Quick and Simple LED Mason Jar

Introduction: Quick and Simple LED Mason Jar

About: I am an electrical repair tech by day and an engineer by night, after work or free time.

Mason jars and leds are almost made for eachother. They are eye appealing and just plain fun. I am going to show you how to make a very simple one that involves a few cheap componets you can find anywhere online! This could be considered an introductory project for those new to electronics but why set limits? You like it you make it :)  lets get started and embark on the simplicity!

This LED mason jar turns on by itself at night. 

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Step 1: Things Needed

You are going to need;

One mason jar
One 5mm led (color of your choice)
One 3volt button battery
One 82k resistor
One 2n3904 switching transistor
Some wire

Soldering iron
Hot glue gun
Helping hands 
Wire strippers/cutters

Step 2: Schematic(s)

I have included two schematics. One is the, I guess, offical schematic and one is a 'birds eye' view. The second one is intended to give you the feeling as if you were looking down at the circuit. I mainly included this for the NPN because I know that they can be tricky if you're new to them. I remember when I first saw one (roughly 6 years ago) I got the pins mixed up all the time and doing so can result in the transistor getting really hot or breaking or even both. 

(three pins are collector, emitter and pin.)

Step 3: The NPN

I will be walking you through how to make this small circuit without using a PCB (printed circuit board). Now if you want to use a PCB go right ahead and do so :) I figured it would be fun to do without. 

First you're goint to take your pliers and bend the left leg and right leg as shown in the picture. Then tin all three legs.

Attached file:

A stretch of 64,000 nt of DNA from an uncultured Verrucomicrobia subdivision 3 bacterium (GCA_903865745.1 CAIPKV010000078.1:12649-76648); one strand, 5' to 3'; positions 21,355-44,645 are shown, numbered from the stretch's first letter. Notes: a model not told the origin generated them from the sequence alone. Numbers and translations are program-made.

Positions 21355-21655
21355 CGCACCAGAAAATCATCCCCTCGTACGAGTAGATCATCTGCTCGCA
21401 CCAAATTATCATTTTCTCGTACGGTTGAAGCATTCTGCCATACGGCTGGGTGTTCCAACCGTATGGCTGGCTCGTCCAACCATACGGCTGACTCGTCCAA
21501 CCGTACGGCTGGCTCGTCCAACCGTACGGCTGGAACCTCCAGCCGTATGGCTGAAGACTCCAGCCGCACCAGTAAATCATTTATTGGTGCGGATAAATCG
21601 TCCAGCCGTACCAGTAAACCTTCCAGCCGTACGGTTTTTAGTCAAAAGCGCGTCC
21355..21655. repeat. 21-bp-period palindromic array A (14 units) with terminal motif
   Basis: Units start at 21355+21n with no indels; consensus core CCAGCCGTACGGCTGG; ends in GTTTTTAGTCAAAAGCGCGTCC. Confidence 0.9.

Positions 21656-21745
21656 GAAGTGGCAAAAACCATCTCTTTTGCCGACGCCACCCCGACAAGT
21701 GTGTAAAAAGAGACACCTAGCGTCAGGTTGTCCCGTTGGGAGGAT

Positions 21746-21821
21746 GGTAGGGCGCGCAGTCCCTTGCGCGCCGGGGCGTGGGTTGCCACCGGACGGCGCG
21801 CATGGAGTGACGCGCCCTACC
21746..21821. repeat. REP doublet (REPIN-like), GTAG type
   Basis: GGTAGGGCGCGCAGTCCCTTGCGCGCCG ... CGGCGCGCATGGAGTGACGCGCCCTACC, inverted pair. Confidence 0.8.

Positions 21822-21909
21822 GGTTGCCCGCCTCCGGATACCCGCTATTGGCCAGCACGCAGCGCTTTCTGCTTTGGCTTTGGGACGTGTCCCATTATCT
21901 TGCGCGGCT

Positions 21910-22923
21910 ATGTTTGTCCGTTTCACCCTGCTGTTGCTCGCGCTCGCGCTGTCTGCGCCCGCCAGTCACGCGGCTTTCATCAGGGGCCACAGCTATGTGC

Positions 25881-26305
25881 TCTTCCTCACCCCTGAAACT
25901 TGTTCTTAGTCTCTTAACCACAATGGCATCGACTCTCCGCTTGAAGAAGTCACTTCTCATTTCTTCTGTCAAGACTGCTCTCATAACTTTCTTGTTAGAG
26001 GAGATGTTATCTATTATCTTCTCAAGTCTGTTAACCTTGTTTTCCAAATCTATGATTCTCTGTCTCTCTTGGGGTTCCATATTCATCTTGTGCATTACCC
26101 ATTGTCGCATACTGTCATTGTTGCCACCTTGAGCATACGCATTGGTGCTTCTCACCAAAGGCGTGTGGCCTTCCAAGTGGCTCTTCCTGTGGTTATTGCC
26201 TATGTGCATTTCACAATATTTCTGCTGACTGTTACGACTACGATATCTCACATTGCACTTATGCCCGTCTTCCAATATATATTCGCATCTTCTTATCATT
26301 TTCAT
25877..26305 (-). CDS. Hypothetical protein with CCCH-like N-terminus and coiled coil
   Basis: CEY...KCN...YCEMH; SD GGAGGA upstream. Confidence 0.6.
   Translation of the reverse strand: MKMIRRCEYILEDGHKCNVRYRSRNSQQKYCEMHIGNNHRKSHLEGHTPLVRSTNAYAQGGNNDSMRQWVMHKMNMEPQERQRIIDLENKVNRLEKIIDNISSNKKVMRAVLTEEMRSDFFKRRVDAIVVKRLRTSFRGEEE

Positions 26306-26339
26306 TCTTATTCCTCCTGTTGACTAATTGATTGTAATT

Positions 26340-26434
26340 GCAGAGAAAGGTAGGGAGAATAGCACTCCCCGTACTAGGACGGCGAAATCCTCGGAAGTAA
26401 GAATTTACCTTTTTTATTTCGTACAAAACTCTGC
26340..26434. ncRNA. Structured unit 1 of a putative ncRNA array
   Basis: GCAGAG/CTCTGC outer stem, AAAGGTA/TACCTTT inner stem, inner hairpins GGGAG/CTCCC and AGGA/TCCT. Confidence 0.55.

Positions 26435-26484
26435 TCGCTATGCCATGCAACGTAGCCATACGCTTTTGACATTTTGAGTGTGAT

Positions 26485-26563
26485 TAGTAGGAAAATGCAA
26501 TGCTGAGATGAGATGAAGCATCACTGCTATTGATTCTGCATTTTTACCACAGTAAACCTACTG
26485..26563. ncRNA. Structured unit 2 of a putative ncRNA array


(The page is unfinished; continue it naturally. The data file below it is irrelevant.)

Bending them this way ensures no shorts.

Step 4: The LDR and NPN

The LDR is what turns the led on and off! It senses the dark based and activates the NPN. The ldr is a resistor that changes value as soon as light hits it. 

Make sure your LDR has long leads. We need the long leads for a later step. Simply tin the leads and solder one lead to the base pin of the NPN and the other to the emitter.

Step 5: The LED

The led! The famous diode that got its popularity because it can produce light! The leads of your led need to be bent at the bottom 90 degrees. This way the led is pointing towards the bottom of the jar once finished. 

Use your pliers to bend the leads (as shown in pictures) then tin both. Then solder the negative lead to the collector of the NPN. (see pictures for better understanding.

Step 6: The 82k Resistor

The resistor plays a huge role in this project. The higher the resistance the more darkness it takes to turn on the led meaning the more the light will keep the led off. I think an 82k resistor is perfect for well lit homes and the sun. You can go higher if you'd like. Now if you use a low value resistor (like 160ohm) the led will not turn off in the light or be dim. 

In short;
The higher resistance the more the light works at keeping the led off. The lower the resistance the more the light doesn't work at keeping it off. Meaning it will stay lit or dim when exposed to light.